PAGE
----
FRIENDS of Corner Inlet Libraries (FOCIL) are looking at future options for Foster Library because 10 years after it opened, this branch of West Gippsland Regional Libraries (WGRLC), located in the Stockyard Gallery complex in Main Street Foster, is proving too small.
Library loans are up 10 per cent and library visitations are up 15% for the first three-quarters of the current financial year (July 2010-March 2011) compared to the same period the previous year.
“Because of economic constraints, the current library was not built to WGRLC standards and a smaller version was built instead,” FOCIL President Barbara Partridge said.
“With increasing use, the library is too small and there are other facilities we would like the library to offer such as a meeting room, a quiet study area, points for computer plug-in, Wi-Fi, games for teenagers, somewhere to browse e-books and more seating.”
She continued, “We also want improvements to shelving that take up more space as elderly people have difficulty accessing the stock on the lower shelves and we want more face-out shelving for browsing displays.”
Further, Ms Partridge contended that there was more stock than the shelves could cope with, dedicated spaces needed for new technologies, and severe congestion occurring when activities are held in the library’s cramped quarters.
The 25 storytime sessions held since they commenced at Foster Library in October 2010 have attracted an average attendance of 28, which West Gippsland Regional Library Corporation (WGRLC) Acting CEO Janet Aumann describes as “pretty exciting”. Membership is stable, Foster Library is “right on its performance targets,” and although there is no timeline scheduled, the capital works schedule in the WGRLC Library Plan 2010-2104 recognises the need “to address the floor space issue and provide access to community meeting/program space at Foster Library.”
Ms Partridge observed that there was insufficient space for children, babies and parents attending the storytimes (with associated craft activities) and that adults attending activities such as Between the Covers discussions, were forced to cram into the children’s area as that is the only open space in the library.”
More room is sought for magazine, CD and DVD racks too.
“If they give us the space, FOCIL can help fund the equipment with proceeds from its book sales,” Ms Partridge promised.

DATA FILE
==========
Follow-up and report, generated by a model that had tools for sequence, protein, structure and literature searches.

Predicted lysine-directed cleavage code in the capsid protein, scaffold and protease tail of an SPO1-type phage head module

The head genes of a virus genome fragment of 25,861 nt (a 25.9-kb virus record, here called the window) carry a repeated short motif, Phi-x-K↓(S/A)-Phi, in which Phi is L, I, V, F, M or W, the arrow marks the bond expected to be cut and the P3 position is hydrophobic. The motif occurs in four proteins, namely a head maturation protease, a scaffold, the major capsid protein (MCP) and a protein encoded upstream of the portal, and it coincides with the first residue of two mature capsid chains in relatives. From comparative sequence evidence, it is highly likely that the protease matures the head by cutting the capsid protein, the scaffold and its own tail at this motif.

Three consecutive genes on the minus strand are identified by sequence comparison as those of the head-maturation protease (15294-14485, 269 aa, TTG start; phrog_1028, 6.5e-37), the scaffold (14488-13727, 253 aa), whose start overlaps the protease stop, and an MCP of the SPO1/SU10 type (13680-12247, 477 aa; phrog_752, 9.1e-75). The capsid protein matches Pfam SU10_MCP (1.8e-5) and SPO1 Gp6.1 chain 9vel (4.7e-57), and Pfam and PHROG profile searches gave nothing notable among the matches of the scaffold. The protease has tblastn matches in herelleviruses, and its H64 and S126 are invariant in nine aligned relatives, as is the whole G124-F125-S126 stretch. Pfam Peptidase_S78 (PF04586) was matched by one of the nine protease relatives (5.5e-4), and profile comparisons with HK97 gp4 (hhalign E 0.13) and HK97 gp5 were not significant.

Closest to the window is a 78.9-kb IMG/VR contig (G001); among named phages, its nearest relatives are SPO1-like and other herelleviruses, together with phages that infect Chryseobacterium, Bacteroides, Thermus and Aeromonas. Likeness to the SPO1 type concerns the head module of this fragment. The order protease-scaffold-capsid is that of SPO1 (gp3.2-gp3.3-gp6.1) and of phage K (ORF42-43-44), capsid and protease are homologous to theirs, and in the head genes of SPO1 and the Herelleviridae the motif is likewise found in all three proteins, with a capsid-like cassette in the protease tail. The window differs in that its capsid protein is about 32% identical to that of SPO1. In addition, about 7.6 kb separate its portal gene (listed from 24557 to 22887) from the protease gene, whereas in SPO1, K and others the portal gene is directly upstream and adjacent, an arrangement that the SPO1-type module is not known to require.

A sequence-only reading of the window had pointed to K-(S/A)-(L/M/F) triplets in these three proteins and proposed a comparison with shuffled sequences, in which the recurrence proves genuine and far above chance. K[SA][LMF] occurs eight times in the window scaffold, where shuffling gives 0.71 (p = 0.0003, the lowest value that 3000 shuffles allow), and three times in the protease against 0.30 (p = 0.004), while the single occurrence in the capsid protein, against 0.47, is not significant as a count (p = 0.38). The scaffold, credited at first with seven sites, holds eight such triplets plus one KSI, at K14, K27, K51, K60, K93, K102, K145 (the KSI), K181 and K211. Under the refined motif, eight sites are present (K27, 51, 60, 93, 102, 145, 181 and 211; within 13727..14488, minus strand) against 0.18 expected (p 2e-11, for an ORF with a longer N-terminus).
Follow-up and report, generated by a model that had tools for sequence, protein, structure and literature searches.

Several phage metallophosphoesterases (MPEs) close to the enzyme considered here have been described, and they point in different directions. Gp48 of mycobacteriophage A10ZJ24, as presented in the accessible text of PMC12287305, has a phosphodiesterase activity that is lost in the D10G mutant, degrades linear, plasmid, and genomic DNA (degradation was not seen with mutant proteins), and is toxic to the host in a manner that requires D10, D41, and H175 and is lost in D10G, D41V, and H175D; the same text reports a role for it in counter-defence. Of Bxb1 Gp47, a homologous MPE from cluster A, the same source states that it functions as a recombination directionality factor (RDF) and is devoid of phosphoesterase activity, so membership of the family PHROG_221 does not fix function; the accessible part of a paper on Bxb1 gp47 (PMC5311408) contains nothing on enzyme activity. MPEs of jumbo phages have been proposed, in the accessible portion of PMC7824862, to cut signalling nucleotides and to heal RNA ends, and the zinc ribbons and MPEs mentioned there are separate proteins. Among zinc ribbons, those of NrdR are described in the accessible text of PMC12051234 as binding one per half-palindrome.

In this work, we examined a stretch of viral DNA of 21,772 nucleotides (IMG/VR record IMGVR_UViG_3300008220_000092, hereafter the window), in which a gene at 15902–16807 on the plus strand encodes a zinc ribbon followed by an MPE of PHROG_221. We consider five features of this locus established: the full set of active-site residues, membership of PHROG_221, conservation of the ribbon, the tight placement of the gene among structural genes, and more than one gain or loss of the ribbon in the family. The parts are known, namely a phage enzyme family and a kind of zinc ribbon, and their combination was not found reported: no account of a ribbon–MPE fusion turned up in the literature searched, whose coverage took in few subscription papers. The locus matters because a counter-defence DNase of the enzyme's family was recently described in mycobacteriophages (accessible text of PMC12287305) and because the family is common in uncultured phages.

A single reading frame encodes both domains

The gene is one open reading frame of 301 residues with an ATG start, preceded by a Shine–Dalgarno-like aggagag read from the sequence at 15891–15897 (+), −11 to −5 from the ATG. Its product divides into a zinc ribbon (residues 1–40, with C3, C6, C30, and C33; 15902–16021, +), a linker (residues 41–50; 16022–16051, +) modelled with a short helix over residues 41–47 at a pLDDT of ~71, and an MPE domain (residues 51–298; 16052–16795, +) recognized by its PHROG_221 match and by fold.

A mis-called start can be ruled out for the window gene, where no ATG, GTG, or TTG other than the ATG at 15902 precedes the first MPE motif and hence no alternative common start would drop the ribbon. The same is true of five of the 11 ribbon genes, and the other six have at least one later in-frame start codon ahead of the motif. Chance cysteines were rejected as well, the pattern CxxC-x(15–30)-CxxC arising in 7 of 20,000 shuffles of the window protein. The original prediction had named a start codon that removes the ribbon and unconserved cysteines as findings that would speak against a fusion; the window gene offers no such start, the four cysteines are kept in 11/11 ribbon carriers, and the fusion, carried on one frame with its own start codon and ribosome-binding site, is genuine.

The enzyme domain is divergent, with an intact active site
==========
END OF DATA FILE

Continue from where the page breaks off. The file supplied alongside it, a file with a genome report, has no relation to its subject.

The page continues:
FOCIL are also interested in attracting more teenagers to regular library use, and would like to offer computer games as Leongatha and Warragul libraries do.
She believes that the library could be an excellent location where the young and the elderly could learn to positively interact together as well as take advantage of educational opportunities.
FOCIL Project Officer Chris Kemper said the group wanted the community to “make the most of the opportunity to look at all the options and decide what is best for both the Stockyard Gallery complex and the community.”
“Ideally, we would love something like the Inverloch Community Hub, and we know from the example of the new library at Mt Gambier, that using imagination does not necessarily mean something has to be costly,” she pointed out.
After FOCIL members unanimously voted to commence pursuit of a larger library, member Shirley Westaway presented a submission to Foster Community Association (FCA) about the proposal for a larger library facility with the idea included in the Planning for Real community visioning exercise.
“Naturally we support the idea because it has support from the community and the gallery may also be seeking more space,” FCA President Larry Giddy said.
“All options should be open for discussion,” he emphasised.
Ms Westaway has also begun contacting politicians for support.
To date, she has received a letter of support from Peter Hall MLC for any applications that might be made for funding to upgrade Foster Library.
In the letter, Mr. Hall cites reasons for his support, including the difficulties for elderly people with mobility aids in moving around inside Foster Library due to space constraints, the need for extra area to house the social and educational resources/services that libraries importantly contribute to their communities, and the likelihood that the already increasing visitation figures would rise further if there was a more attractive facility available.